Walmart and hundreds of other companies call on Trump to drop China tariffs

More than 500 companies and 140 groups signed a letter urging the US president to go back to the negotiating table

FILE PHOTO: U.S. President Donald Trump speaks during a joint news conference with Poland's President Andrzej Duda in at the White House in Washington, U.S., June 12, 2019. REUTERS/Kevin Lamarque/File Photo
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Walmart, Target, Macy's and hundreds of other companies and associations made a plea to US President Donald Trump not to impose additional tariffs on Chinese goods, and to return to the negotiating table to strike a trade deal with Beijing.
More than 500 companies and 140 groups representing manufacturers, retailers, oil and gas firms and other industries signed a letter addressed to Mr Trump on Thursday from "Tariffs Hurt the Heartland," an umbrella group of trade associations that's pushing back against Trump's trade war.

“We remain concerned about the escalation of tit-for-tat tariffs,” the companies and groups said in the letter. “We know firsthand that the additional tariffs will have a significant, negative and long-term impact on American businesses, farmers, families and the US economy.”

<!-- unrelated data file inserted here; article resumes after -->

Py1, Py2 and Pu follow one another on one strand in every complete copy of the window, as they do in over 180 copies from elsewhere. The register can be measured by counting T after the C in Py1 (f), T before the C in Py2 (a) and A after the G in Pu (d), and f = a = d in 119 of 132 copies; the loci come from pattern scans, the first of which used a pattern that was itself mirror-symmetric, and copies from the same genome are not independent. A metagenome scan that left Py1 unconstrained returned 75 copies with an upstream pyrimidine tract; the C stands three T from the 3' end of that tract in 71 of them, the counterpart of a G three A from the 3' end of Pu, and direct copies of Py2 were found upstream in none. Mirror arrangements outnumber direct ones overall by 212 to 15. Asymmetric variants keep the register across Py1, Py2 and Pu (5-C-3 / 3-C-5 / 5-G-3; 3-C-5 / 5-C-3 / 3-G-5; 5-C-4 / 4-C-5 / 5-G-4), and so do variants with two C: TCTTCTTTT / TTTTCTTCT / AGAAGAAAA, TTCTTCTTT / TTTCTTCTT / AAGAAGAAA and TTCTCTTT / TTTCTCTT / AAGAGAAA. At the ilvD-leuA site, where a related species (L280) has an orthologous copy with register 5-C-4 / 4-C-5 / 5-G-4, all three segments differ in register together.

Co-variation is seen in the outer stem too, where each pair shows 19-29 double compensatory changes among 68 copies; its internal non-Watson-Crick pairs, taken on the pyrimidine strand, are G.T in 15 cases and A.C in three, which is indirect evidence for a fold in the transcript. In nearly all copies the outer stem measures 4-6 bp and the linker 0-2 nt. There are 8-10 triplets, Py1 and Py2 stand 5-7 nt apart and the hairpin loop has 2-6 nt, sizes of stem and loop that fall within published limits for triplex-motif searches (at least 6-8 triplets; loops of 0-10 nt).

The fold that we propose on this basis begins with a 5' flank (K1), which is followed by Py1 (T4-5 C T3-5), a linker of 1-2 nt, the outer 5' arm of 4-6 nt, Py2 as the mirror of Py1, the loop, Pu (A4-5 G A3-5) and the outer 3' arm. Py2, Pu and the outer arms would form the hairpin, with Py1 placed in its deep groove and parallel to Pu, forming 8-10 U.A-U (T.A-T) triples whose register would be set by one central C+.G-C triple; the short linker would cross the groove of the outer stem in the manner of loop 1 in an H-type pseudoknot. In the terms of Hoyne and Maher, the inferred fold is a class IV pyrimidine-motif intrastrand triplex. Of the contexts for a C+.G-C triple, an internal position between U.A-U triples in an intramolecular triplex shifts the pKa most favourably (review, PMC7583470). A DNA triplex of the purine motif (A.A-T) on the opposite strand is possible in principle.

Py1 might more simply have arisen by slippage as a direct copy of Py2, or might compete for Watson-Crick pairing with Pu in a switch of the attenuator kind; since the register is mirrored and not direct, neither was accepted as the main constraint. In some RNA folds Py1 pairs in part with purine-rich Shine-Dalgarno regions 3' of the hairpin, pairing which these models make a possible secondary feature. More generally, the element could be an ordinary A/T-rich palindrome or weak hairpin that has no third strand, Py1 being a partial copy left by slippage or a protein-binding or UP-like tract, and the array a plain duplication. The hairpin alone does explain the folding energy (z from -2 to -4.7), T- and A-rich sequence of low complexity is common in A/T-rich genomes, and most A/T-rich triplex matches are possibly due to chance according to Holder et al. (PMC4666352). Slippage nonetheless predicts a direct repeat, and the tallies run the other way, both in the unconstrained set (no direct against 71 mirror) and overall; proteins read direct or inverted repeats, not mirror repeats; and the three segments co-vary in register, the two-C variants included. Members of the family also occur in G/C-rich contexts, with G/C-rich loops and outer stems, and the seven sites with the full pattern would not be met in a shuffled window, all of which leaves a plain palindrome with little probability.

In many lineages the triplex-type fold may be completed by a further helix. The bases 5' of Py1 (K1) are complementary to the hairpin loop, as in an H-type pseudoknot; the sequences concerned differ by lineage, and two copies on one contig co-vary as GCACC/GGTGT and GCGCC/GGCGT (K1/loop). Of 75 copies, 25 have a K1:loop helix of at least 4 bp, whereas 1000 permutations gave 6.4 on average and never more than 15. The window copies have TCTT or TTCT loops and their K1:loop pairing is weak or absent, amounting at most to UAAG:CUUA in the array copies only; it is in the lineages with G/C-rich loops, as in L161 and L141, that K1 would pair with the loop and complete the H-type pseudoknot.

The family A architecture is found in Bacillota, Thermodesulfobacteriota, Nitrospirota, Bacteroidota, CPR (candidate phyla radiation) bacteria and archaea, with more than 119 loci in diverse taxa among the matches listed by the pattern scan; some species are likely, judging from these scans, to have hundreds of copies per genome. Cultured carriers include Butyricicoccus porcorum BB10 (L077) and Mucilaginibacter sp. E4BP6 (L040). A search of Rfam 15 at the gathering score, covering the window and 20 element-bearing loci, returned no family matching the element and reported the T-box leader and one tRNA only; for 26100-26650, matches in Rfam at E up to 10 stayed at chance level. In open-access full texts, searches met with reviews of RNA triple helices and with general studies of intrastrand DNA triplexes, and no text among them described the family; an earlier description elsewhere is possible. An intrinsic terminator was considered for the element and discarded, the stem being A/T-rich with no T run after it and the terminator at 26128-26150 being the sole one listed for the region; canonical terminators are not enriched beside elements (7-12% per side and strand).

Mr Trump placed duties on $250 billion (Dh918bn) of Chinese products in 2018. After talks on a trade deal with China faltered last month, he ordered a tariff increase to 25 per cent from 10 per cent on $200bn of goods and targeted an additional $300bn in products for duties - including consumer items from clothing to toys to mobile phones that the administration tried to spare in previous rounds.


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The coalition commissioned a report in February that showed the US tariffs and China's retaliation would lead to the loss of more than 2 million US jobs, increase costs for the average American family of four by almost $2,300, and trim US GDP.
The president has repeatedly threatened to raise tariffs if Chinese President Xi Jinping doesn't meet with him at the Group of 20 leaders' meeting June 28-29 in Osaka, Japan. Mr Trump is still waiting for a response from Xi about a meeting, economic adviser Larry Kudlow said Thursday, and Mr Trump said on Wednesday he had no deadline to return to trade talks.
The companies and groups said in the letter that they support Mr Trump's efforts to hold trading partners accountable, but that both sides will lose in an escalated trade war.
"We are counting on you to force a positive resolution that removes the current tariffs, fosters American competitiveness, grows our economy and protects our workers and customers," the companies and groups wrote.